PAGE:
I've seen it snow on the Fourth of July in the mountains.

Today, I live at 6,659 feet above sea level.
The air in the morning is a bit nippy and brings back memories of spring days in the mountains when I was a young girl and living at 10, 152 feet above sea level.
I wish I had words to describe how that cool breeze coming down my valley from the mountain feels.
All I can tell you is that it whispers to me that it is 
springtime in the Rockies.
That is code for:  Expect anything from cold, to rain, to sunshine, to hail, to snow all in one day, or even all in one hour.

I have never planted annuals before Mother's Day.
In fact, I usually don't plant  much of anything until we are at least half way through May.
Several weeks ago, my daughter asked me what to do about aphids on her rose bush.
She sent me a photo of the plant.
She lives in Utah.
She'd already trimmed the rose back and it had a few buds.
I never cut back my roses in Colorado until mid May.


Gardens are a form of autobiography. ~ Sydney Edison

When I lived in Pueblo, Colorado at 4,692 feet, I planted sooner than I do where I now live.
To be honest with you, I wasn't even sure I would plant anything this year.  
The deer, the rabbits, and the climate have caused me to
rethink everything I ever knew about gardening.
If card carrying members of the Colorado Master Gardeners came by my house right now,
they'd make me turn in my certificate that says I am a master gardener.
Let's just say that gardening where I now live is a big challenge for me.
Venturing out into the yard last week, when we finally had a break in the rain, I went looking to see how the perennials I had planted last year were doing.
I could see that my neighbor's peonies were up several inches as I looked out my window, so I was anxious to see what mine were doing.
I'm always so excited when I see peonies peeking out of the ground in early spring.
The peony I planted last year did not come up.

The poppies have not come up.
The larkspur did not come up. 
I don't even have blue flax coming back.
It looks like the hyssop didn't make it either,
nor did the lavender plants.
I tried just planting a few things last year as I get to know my new gardening space.

The deer had eaten huge chunks out of the dwarf Alberta spruce I'd planted.
It is all so disheartening.

At least the clematis was coming back to life and growing like crazy.
Also, I was thrilled to see that some of the lily of the valley I transplanted from my mother's yard last spring are coming up.
The original beginning lily of the valley plants that I dug from my mother's yard had come from my grandmother's yard in Colorado Springs over forty years ago.
As I dug up the plants,
transported them over 300 miles,
and planted them again,
I felt like I was bringing those much love plants home and reestablishing my roots in my hometown.
Lily of the valley bouquet for my mom.
Flowers from her yard.
May 2014
Thank goodness those plants at least made it.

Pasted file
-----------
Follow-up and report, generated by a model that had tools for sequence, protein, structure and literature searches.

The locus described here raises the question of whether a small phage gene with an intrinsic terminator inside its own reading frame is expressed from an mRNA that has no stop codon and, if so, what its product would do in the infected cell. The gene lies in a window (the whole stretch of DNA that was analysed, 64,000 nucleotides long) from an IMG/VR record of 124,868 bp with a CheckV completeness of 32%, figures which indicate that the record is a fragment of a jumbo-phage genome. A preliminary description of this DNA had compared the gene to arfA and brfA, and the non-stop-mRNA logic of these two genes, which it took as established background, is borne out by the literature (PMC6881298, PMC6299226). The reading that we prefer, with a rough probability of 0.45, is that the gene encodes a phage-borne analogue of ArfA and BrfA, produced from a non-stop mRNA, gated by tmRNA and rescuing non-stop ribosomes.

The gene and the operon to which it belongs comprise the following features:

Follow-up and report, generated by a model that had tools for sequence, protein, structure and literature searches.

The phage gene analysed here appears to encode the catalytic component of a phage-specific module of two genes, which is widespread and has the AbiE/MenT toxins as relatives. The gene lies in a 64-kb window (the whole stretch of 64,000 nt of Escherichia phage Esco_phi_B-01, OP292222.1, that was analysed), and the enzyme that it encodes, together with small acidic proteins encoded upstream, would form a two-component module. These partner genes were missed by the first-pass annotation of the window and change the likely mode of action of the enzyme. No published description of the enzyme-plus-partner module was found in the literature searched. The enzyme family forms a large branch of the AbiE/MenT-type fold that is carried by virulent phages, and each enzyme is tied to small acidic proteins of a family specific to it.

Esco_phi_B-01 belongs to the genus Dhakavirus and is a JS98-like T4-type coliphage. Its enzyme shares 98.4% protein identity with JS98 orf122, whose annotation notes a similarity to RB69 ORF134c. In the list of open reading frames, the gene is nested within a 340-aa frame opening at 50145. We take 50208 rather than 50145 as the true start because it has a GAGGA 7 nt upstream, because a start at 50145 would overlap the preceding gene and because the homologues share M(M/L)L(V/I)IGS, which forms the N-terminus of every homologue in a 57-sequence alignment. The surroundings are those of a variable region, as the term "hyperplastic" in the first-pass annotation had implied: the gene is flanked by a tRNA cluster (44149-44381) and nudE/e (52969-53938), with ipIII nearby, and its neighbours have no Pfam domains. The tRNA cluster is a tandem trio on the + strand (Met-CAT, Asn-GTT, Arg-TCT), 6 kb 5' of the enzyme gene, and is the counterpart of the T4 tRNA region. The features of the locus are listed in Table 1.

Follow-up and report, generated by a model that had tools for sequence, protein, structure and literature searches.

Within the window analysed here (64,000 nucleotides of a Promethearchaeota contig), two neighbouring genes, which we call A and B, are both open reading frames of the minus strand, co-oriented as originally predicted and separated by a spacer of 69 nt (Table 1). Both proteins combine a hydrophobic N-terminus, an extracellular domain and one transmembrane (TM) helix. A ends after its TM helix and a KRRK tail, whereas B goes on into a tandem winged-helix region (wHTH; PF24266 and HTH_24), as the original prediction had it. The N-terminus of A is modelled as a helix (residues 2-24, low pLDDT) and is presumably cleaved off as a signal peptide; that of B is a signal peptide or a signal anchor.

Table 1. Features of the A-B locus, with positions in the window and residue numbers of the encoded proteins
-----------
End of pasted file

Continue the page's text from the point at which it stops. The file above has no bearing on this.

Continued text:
Even with all the vicissitudes of spring weather,
and with my feelings of defeat when it comes to establishing a new garden in what sometimes feels like a hostile  gardening environment,
spring conjures up dreams of gardens yet to be.
On the first day that I felt like driving and being out and about after my recent pacemaker implant,
I headed off to the garden shop.
It is spring.
I had to dig in the dirt.

I'm going to try again this year to get something established around here that looks somewhat like
a semblance of a thought and care went into the landscaping around my home.

I loaded up potting mix for planters even though I don't particularly like to plant in planters.
At least the hanging baskets and such can't be reached by the deer and rabbits.
I then bought some feather meal.
They say that is good for discouraging the deer from nibbling while also giving plants some nitrogen.
I couldn't find Deer Scram that Kathy at Kathy's Peace told me to buy,
so I bought the highly recommended Bobbex Deer Repellent.
By the time, I had some garden soil, fertilizers, and deer repellent, I had already just about broken the bank when it comes to my "flower money."
It is still early, so I didn't want to plant much yet, but I did get some creeping phlox and candy tuft to plant along the stone wall next to the house.
I also bought some peony bulbs.
I haven't given up on those yet.
Everyone else around me is growing peonies, and the deer leave them alone.

As I head into spring, I will be writing a new chapter in my gardening biography.
Let's hope it is not a short chapter full of disappointment and discouragement.

A Spring in My Step

I feeling so much better now that I am a bit over three weeks out from getting a pacemaker.
Today, I did my first exercise class.
I went to a Zumba Gold class.
It was so much fun!
I'm still not allowed to wave my left arm in the air over my head, but I was moving my feet as fast as I could while I tried to do the steps.
My heart behaved and my recovery after the exercise was excellent.
I felt great.
The goal of Zumba Gold is to build cardiovascular fitness, coordination, flexibility, and balance.
I need all of that!
My hips and thighs told me I had not exercised recently,
but my mind told me it is good to have fun moving to the music.
Have you ever tried Zumba?
Do you enjoy it?

What do you do for exercise?
I love to walk.
I also like group exercise better than working out on machines.
I like to do Pilates and really enjoy doing Pilates on the reformer.
Have you ever done Pilates?
I've done it for years.
You'd think I'd be better at it by now.
I'm not much of a yoga fan, but I do enjoy restorative yoga.
I hope to go to that class tomorrow.
I can hardly wait until I'm released to get in the pool again.
In three more weeks I can get in the pool.
I love to do water Pilates.
Have you ever tried that?
It is really fun.
At my exercise club, they even have water Zumba.
I think I'll try that soon.


As I write, the rain is steadily hitting my roof overhead.
We are supposed to have rain for the next few days.
That is ok.
In Colorado, we are also prone to drought.
I am thankful for the rain.
Soon, I hope to be out there digging in the dirt again and starting another year of learning how to deal with new environmental challenges in the place that I now call home.